Saturday, February 01, 2003

I can't believe the Columbia just broke up over Texas. What a horrible news story to wake up to. Of course there are Iraqis who are celebrating that the shuttle broke up and that an Israeli astronaut was among the dead. Anyone who celebrates this tragedy is a waste of hair.
The academic tenure system causes conformity and docility but not excellence.
According to this profile of economist Hernando de Soto in the Economist, he has two dogs name Marx and Engels so named because “they are German, hairy and have no respect for property”. (via The Corner)

Friday, January 31, 2003

Liberal bias in the university is real. The numbers given in this article make the point unequivocally. Let's get a little diversity in thought into our college campuses. (via
Over 80 German companies are suspected, accused and in this case convicted of dealing arms to Iraq in contravention of the UN embargo sanctions. Perhaps the "what's in it for me mentality" is not just a French affliction. For a country supposedly in dire economic straights why the need for so much military spending? Wouldn't this money do more good for Iraqis by buying food and medicine instead ? Perhaps we need to send a Hollywood delegation to ask Saddam the question.
Late Afternoon Musing
Most of the blog readers won't know who I'm talking about, but those who do will say "Oh! That would be great!". Someone needs to produce a Bela Fleck/Pat Metheny duet album. (I just finished listening to a great Bela Fleck album which is what popped the idea into my head). Bela, Pat and the Dixie Chicks would be quite fine too.

My personality is rated 28.
What is yours?

Others see you as fresh, lively, charming, amusing, practical, and always interesting; someone who's constantly in the center of attention, but sufficiently well-balanced not to let it go to their head. They also see you as kind, considerate, and understanding; someone who'll always cheer them up and help them out.
This sounds awesome. A Guns for Tots program! I can't believe they are thinking of banning toy water guns in the city.
Mark Steyn on the 'cheese-eating surrender monkeys'

Ah, but for those with a big sophisticated Continental brain it's all more complicated than that. There are many idiotic incoherent leaders in the world, several of them francophone (hint), but Jacques Chirac is not among them. Say what you like about M. le President -- call him irresponsible, call him unreliable, throw in shifty, devious, corrupt, and almost absurdly conceited. But he's not stupid. The issue for the French is very straightforward: What's in it for us?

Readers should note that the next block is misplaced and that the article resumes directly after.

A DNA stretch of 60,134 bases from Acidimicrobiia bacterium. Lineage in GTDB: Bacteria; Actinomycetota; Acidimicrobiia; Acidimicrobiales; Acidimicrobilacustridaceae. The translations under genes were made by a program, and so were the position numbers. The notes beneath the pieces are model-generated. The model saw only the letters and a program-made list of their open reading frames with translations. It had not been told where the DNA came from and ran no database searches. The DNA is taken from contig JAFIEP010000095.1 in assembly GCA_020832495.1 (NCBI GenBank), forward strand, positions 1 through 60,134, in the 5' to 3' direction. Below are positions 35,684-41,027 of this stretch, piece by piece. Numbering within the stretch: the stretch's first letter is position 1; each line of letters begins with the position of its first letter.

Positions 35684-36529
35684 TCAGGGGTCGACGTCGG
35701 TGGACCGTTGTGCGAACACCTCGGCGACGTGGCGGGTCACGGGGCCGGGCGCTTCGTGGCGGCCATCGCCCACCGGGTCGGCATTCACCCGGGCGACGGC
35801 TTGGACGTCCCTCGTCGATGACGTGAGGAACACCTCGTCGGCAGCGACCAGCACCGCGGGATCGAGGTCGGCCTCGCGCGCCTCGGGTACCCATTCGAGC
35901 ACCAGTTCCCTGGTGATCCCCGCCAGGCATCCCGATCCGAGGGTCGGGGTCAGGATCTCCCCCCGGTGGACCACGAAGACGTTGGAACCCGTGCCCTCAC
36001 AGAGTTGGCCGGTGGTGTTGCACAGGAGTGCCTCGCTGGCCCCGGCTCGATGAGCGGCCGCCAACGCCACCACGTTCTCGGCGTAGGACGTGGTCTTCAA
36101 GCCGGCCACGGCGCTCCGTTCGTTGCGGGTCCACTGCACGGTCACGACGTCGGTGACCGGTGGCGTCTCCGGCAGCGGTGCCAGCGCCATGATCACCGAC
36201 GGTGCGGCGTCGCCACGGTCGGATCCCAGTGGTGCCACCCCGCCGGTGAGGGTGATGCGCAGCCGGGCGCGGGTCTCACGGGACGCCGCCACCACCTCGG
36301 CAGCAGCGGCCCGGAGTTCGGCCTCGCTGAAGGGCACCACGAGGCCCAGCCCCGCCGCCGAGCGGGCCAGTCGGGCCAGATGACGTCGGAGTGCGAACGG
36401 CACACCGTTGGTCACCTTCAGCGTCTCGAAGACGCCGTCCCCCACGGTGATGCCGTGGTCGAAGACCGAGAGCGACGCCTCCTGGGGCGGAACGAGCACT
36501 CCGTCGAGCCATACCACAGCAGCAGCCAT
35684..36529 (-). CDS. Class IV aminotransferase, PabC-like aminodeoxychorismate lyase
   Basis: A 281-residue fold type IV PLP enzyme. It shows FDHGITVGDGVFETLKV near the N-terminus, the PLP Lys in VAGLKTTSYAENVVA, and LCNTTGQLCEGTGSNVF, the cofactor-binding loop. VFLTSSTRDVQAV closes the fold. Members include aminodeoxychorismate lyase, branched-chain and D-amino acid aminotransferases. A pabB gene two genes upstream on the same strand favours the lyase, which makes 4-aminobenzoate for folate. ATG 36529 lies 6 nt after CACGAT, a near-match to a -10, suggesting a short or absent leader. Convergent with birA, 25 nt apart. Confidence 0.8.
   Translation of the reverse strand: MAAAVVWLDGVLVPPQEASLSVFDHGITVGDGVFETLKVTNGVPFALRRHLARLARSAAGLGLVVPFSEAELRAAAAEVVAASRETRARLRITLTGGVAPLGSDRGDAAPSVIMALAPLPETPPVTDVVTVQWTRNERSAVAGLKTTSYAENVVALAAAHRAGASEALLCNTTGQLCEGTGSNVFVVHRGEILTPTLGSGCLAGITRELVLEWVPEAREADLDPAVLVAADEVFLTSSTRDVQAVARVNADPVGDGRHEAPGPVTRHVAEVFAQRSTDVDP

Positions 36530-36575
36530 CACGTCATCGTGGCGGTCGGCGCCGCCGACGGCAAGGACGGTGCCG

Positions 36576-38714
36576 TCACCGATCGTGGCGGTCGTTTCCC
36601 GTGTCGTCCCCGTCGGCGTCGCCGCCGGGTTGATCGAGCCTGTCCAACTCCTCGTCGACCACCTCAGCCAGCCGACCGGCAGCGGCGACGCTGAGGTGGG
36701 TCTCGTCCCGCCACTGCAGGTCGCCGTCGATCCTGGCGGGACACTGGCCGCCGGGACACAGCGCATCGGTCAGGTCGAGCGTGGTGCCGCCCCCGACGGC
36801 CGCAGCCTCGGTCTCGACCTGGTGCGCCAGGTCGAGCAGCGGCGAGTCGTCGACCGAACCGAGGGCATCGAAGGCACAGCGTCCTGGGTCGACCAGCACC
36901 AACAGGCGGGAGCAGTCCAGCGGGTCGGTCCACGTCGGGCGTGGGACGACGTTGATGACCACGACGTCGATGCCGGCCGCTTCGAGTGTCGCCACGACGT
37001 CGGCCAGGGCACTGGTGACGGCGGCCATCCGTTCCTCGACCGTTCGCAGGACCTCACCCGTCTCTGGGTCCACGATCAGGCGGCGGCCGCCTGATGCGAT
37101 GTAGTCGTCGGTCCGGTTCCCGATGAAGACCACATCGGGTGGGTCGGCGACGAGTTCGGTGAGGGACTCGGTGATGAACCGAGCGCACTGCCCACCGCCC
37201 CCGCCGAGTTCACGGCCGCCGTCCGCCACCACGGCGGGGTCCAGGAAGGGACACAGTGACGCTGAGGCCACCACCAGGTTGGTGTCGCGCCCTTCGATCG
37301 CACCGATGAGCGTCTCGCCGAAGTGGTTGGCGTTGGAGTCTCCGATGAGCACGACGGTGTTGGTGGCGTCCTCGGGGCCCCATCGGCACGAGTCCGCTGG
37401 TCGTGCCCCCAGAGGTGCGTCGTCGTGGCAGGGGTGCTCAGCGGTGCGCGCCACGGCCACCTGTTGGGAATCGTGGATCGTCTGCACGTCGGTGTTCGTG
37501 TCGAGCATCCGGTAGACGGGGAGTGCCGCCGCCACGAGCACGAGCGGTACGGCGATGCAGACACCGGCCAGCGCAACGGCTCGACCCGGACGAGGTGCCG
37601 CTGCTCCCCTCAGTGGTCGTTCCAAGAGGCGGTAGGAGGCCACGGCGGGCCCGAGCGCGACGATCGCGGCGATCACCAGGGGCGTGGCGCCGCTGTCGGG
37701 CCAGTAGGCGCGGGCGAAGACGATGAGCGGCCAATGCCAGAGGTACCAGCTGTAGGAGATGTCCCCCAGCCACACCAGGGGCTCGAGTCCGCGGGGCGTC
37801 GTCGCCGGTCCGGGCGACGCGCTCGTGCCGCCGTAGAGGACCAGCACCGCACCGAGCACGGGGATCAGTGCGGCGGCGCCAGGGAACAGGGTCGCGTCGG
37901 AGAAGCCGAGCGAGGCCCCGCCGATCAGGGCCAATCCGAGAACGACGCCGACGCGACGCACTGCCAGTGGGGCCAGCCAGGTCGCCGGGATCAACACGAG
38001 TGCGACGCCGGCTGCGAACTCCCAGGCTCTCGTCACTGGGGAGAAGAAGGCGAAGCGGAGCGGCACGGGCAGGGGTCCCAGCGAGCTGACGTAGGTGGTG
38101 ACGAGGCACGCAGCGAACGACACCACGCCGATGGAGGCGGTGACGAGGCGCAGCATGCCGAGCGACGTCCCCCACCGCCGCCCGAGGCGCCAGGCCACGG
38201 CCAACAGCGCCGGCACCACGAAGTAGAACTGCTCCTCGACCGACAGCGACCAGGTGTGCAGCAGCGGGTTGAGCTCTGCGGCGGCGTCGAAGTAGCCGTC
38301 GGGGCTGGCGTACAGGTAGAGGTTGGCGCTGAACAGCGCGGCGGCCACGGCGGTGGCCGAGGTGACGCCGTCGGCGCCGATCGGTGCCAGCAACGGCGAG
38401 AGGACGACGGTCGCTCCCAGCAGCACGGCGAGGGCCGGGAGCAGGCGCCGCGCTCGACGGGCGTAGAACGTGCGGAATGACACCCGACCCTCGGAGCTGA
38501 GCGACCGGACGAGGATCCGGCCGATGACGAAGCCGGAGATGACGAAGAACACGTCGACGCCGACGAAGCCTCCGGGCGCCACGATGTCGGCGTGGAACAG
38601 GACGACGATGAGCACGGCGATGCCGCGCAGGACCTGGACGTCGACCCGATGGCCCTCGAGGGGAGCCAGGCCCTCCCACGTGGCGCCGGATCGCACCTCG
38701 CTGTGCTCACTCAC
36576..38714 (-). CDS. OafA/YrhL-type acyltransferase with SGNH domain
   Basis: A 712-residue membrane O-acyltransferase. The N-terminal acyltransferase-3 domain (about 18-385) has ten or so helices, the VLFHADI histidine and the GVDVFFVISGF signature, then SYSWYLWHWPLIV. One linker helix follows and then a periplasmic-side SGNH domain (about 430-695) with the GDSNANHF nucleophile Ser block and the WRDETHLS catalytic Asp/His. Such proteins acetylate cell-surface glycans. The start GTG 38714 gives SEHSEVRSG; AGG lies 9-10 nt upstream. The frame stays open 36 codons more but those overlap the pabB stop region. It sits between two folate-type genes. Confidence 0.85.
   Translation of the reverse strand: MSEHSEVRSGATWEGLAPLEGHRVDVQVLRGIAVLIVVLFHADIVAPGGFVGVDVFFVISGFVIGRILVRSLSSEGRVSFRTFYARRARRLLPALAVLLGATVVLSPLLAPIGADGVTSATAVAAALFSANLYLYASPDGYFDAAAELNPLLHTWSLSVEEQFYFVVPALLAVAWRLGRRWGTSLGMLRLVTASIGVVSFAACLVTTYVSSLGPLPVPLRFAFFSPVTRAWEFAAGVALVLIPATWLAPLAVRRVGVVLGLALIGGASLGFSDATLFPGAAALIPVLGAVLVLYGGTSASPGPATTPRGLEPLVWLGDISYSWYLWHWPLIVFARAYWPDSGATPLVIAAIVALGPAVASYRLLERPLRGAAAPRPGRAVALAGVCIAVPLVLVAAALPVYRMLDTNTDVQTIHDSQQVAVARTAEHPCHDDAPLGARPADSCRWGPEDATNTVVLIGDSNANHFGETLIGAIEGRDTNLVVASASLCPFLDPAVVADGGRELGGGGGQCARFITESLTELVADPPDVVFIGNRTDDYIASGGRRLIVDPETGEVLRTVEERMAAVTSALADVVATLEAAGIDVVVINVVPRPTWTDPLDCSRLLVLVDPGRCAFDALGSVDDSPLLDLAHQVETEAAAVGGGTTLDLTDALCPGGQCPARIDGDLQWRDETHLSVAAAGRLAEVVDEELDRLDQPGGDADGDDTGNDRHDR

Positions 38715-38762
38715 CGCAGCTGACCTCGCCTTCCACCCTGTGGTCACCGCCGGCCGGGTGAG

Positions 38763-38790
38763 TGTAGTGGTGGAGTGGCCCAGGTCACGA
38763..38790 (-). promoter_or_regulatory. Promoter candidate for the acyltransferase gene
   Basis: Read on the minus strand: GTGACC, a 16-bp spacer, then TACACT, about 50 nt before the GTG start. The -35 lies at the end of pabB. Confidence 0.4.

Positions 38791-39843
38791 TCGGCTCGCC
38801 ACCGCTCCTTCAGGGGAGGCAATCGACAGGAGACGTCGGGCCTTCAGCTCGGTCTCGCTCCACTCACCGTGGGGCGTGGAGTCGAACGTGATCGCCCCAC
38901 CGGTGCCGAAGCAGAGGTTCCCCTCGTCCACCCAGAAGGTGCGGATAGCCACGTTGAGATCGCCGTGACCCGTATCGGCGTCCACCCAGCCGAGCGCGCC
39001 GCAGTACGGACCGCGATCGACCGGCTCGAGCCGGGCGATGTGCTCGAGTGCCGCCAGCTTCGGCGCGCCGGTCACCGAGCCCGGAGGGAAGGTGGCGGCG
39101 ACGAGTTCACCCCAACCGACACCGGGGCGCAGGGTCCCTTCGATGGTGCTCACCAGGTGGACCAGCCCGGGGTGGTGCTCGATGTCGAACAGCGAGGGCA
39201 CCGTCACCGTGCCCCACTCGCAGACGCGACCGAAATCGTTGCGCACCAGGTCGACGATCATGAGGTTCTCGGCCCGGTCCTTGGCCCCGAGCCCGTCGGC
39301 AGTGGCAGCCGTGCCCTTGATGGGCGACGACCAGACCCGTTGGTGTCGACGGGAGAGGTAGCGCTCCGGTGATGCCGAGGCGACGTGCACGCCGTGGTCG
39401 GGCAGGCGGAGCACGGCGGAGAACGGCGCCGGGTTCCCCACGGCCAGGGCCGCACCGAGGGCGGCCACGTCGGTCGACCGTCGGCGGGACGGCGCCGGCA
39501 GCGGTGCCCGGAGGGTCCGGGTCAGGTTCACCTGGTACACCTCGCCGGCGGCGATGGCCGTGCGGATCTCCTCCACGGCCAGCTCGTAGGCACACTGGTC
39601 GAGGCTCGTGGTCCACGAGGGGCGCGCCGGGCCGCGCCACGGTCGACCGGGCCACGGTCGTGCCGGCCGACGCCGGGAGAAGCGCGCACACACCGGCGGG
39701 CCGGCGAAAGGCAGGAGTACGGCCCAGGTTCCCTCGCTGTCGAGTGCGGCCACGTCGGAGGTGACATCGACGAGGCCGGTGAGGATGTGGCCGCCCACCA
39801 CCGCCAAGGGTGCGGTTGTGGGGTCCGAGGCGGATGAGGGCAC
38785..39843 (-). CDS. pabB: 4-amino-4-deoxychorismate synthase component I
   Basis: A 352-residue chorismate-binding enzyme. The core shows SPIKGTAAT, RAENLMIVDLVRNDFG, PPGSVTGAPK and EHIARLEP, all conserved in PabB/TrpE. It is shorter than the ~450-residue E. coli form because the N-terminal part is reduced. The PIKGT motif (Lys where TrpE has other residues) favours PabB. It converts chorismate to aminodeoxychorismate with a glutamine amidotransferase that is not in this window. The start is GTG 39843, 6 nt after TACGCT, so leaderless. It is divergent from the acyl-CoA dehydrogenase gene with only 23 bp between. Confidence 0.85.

The answer to that may vary, but frame the question as a negative and the reply is always the same: What's not in it for France is that America should emerge with its present pre-eminence even more enhanced. France is in the business of la gloire de la republique, and right now the main obstacle to that is the post-Soviet unipolar geopolitical settlement. They are not temperamentally suited to being anyone's sidekick: If Tony Blair wants to play Athens to America's Rome, or Tonto to Bush's Lone Ranger, or Sandy the dog to Dubya's Little Orphan Annie, fine. The French aren't interested in any awards for Best Supporting Actor.

This isn't quite the same as being a bunch of spineless appeasers. As far as I can see, American pop culture only ever has room for one joke about the French. For three decades, the Single French Joke was that they were the guys who thought Jerry Lewis was a genius. I don't particularly see the harm in that myself, at least when compared to thinking, say, Jean-Paul Sartre is a genius. But, since September 11th, the new Single French Joke has been that they're "cheese-eating surrender monkeys," a phrase introduced on The Simpsons but greatly popularized by Jonah Goldberg of National Review. Jonah, you'll recall, recently flayed us Canadians for being a bunch of northern pussies, but it's a measure of the contempt in which he holds our D-list Dominion that we didn't even merit a pithy four-word sneer-in-a-can.
There must be something wrong with this quiz (I always make the right decisions):

My personality is rated 37.
What is yours?

Others see you as an exciting, highly volatile, rather impulsive personality; a natural leader, who's quick to make decisions, though not always the right ones. They see you as bold and adventuresome, someone who will try anything once; someone who takes chances and enjoys an adventure. They enjoy being in your company because of the excitement you radiate.
Lesley at Plum Crazy points out this shimmering example of gubmint efficiency and care. It seems that the Post Office has, in the last two years, lost (or have had stolen) 19,980,000 (out of 20,000,000) or 99.9% of those plastic bins they use. At a cost of $3.25 each, that comes to $64,935,000.
Zainab Al-Suwaij who escaped from Iraq through Jordan addresses whether the Iraqi people would really support the overthrow of Saddam Hussein in the latest TNR.